* Share some or all of the sentences on the list with students and discuss what criteria may have been used to determine that these sentences are, in fact, the best.

* Invite students to name the sentence on the list they would consider “the best of the best” and cite the reasons for their choice.

* Invite students to nominate sentences from their own reading that will be considered for The Best Sentences of the Year or The Best Sentences of the Semester. Determine selection criteria and select which nominated sentences will make the final list.

Congratulations!

Nov
01

Michelle Wuest and Krista deMolitor, you are the lucky winners for the month of October for #ASDWReads!  We will have a shiny new book in your hands, ASAP:)

To be entered into the draw for November, simply post a picture of a book you have read and use the hashtag #ASDWReads on Twitter.  Happy reading and tweeting!

Guest Writer Lindsay Perez Recommends Amina’s Voice by Hena Khan

Nov
01

The books in our classroom libraries can become valuable teaching tools to be used to create a culturally responsive classroom where students feel included and represented. If you’re looking to add to your classroom library, Amina’s Voice by Hena Khan is a book to add to your collection.

Amina and Soojin have been best friends since elementary school. Now in middle school, they face the difficulties of fitting in, merging new and old friendships and staying true to their families’ culture.  A complication arises when Soojin starts to hang around with Emily, Amina’s nemesis.  Soojin soon wants to change her name to something more American sounding and this ignites jealousy and confusion in Amina. Things are changing too quickly for Amina and she is not sure what to do. The only thing Amina is sure of is her love of singing and playing the piano but she is shy and never has had the confidence to do in public. It is not until the local mosque and Islamic Community Center is vandalized that Amina finds her voice and confidence by helping to rebuild the mosque and unite the community.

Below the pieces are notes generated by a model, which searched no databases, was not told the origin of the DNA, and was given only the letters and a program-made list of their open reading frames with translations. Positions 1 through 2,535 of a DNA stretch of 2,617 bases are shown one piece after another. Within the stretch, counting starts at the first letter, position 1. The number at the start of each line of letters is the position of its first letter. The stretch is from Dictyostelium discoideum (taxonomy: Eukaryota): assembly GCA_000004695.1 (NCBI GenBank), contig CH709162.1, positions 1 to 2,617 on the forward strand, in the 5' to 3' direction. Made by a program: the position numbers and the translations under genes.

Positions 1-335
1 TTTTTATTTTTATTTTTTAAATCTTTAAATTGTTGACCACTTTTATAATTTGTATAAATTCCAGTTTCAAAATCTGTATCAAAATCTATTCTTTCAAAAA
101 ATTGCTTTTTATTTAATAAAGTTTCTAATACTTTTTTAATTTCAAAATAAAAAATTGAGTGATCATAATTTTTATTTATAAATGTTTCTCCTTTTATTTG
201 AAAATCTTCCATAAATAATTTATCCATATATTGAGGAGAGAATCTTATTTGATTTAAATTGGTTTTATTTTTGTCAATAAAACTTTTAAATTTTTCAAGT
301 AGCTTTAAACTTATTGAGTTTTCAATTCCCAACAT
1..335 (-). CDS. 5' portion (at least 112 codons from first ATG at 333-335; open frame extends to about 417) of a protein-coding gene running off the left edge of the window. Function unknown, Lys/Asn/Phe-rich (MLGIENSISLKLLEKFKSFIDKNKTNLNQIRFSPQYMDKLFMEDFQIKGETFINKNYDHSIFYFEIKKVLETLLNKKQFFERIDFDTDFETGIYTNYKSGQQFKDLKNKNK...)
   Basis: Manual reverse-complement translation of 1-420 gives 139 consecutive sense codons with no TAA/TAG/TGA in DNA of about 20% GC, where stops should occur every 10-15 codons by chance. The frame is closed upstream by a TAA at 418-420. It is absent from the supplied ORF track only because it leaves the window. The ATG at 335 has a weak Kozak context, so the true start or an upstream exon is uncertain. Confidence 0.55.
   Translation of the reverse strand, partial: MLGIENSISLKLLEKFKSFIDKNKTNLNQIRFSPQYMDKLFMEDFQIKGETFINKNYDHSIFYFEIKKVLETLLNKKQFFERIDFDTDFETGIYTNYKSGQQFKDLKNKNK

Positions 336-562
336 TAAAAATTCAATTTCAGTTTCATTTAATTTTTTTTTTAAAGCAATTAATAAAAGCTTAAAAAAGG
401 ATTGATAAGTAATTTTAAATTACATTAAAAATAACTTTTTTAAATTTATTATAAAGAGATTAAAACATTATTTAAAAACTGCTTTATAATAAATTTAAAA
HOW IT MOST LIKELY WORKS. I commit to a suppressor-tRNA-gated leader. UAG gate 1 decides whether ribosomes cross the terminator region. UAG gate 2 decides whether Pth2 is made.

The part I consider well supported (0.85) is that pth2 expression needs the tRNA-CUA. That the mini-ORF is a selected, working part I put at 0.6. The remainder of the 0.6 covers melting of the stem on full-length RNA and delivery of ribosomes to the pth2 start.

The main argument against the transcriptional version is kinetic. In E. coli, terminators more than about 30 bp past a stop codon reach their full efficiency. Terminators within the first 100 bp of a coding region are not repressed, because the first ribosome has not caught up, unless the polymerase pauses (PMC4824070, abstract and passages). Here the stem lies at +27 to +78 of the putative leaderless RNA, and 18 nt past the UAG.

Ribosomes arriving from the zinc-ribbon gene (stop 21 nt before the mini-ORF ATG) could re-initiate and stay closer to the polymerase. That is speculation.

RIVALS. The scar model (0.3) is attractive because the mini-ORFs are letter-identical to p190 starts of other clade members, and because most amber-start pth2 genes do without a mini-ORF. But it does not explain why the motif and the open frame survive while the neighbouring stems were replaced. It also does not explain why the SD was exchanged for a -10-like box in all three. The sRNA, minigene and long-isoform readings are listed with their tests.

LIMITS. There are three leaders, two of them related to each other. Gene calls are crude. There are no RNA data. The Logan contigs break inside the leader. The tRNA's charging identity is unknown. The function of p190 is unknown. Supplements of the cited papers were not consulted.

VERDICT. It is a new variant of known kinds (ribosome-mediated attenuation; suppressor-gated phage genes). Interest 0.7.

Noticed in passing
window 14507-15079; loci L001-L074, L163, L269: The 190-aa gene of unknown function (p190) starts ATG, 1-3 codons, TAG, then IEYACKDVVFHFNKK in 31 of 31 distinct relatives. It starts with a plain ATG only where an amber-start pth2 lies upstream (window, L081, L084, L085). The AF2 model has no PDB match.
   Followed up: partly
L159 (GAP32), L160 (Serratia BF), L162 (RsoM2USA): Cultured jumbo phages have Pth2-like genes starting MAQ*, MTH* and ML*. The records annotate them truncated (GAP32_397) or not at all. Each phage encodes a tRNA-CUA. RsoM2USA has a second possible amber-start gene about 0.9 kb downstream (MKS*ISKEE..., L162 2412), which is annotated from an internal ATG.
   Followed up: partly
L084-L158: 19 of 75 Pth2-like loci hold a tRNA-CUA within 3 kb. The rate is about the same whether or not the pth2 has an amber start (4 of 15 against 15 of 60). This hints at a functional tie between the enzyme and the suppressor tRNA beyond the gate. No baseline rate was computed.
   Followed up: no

Readers can connect with Amina’s journey through middle school during the struggles and triumphs she faces while staying true to her friends, culture and family. Readers will learn about Pakistani and Korean culture, and the similar experiences all children and families face no matter who they are or where they come from.

Bio:

Lindsay Perez is a guest blogger for Margin Notes who teaches Grade 6 Language Arts at Nashwaaksis Middle school in Fredericton New Brunswick. She is married with two young children Kai (4) and Myla (3).

NY Times Article of the Day

Oct
29